When bad men make great art: Sun Kil Moon’s Universal Themes
There is already a seismic rift splitting the Sun Kil Moon fan base. There are those who can separate Mark Kozelek’s musical output from his recent controversy, focusing solely on the seemingly increasing quality of his work. Conversely, the recent spate of pettiness and bad press circulating the ex-Red House Painters front man like a swarm of angry buzzards is more than enough to alienate even the most diehard Sun Kil Moon fan.
For this review, I hoped to sidestep Kozelek’s on-stage and off-record antics, focusing on the music itself. Those reading will already be well aware of his recent misogynistic tirades, journalist bashing, band hating and seemingly incontrollable arrogance.
But it’s becoming increasingly impossible to separate the artist’s music from his persona. With the diminishing news cycle, headline grabbers like Kozelek can do very little to remain out of the limelight, making it harder for critics to disregard these factors when writing about his music.
The moment Kozelek disses someone from atop his high horse, the internet reacts appropriately. This then snowballs into headlines about the internet’s reaction to Kozelek’s actions. Next, Kozelek reacts to the internet’s reaction and finally, the internet reacts to Kozelek’s reaction in relation to the internet’s reaction to Kozelek’s actions.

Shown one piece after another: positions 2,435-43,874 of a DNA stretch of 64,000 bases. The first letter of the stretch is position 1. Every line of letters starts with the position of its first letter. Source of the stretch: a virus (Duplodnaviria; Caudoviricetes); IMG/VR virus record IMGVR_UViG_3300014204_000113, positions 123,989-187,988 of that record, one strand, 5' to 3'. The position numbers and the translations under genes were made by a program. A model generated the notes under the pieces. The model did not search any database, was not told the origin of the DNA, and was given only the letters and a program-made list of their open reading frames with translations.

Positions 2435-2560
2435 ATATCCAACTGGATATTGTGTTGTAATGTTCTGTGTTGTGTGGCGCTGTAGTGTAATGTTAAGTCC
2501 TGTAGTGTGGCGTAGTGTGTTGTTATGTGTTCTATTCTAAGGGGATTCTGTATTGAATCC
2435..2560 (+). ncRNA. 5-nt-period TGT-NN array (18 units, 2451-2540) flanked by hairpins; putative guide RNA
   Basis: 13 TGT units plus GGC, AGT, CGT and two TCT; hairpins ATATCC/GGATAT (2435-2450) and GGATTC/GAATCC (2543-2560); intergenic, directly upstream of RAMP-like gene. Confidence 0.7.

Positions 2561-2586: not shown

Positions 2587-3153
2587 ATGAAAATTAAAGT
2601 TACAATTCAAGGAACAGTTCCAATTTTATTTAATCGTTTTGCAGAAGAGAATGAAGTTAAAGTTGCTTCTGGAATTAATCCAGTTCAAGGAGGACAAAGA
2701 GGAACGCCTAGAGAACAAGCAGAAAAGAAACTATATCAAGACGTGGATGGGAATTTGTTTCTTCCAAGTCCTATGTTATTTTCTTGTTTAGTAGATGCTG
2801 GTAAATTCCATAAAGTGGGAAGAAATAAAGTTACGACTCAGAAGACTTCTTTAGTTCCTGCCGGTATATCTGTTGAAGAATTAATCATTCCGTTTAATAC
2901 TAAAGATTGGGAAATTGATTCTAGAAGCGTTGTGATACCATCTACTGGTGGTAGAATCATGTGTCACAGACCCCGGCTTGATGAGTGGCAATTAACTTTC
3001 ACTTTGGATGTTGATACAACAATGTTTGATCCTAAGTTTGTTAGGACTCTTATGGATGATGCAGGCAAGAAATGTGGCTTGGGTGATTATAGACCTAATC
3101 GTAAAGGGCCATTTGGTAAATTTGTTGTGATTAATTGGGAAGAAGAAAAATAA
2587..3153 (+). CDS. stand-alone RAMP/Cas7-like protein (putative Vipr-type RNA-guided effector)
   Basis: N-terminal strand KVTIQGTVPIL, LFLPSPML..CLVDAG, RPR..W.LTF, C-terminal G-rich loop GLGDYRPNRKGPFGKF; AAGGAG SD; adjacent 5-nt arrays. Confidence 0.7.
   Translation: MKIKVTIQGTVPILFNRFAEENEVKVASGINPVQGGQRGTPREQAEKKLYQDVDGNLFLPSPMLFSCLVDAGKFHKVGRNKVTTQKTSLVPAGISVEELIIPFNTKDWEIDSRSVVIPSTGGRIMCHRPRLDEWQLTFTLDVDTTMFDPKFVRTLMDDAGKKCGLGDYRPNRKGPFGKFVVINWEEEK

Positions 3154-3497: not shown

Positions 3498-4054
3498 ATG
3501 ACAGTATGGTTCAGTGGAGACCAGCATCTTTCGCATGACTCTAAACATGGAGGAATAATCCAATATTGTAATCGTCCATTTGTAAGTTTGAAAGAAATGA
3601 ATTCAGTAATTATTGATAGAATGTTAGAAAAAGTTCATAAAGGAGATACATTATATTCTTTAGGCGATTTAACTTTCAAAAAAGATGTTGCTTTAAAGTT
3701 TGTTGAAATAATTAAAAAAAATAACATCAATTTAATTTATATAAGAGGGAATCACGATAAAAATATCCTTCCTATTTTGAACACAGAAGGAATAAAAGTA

It’s all very confusing and manic, sometimes way too much for the human brain to handle. Where are we supposed to sit? Are we to join the cycle, boycott the band and burn his records? Do we fight back at the press and request they cover some real news instead? In my eyes, there is little to do but sit on the sidelines and watch, disappointed and excited, as the chaos and pettiness slowly subsumes itself.
This same click-baity nonsense forever burdens Kanye West. Here, we have an artist quite clearly creatively at the top of their game, continually pushing the boundaries of genre and form in regards to pop songwriting.
However, the egotistical and at times violent actions of West and recently Kozelek feed into a culture of online hatred and quick news, spawning more attention and further feeding their ego, resulting in a circularity that is impossible to escape.
Due to the universal acclaim of Benji, the ex-Red House Painters front man has scored a new and far more widespread fan base. He spent much of 2014 in the spotlight, for reasons mostly bad, and quickly established himself as one of the most hated figures in alternative music. To call Kozelek the indie Kanye West probably wouldn’t be too far a stretch, at least as far as equal parts narcissism and music genius is concerned.
Of course, the last thing I am trying to do here is to condone, justify or excuse the consistently shitty actions of either Mark Kozelek or Kanye West. Instead, I wish to remove myself completely from the argument, and attempt to critique the music and personalities of these figures as completely separate things.
Universal Themes reflects on Kozelek’s rollercoaster 2014. He grapples with his newfound celebrity, extensive touring, guesting in a film, and spends much of the record philosophically reflecting on his seemingly meandering existence.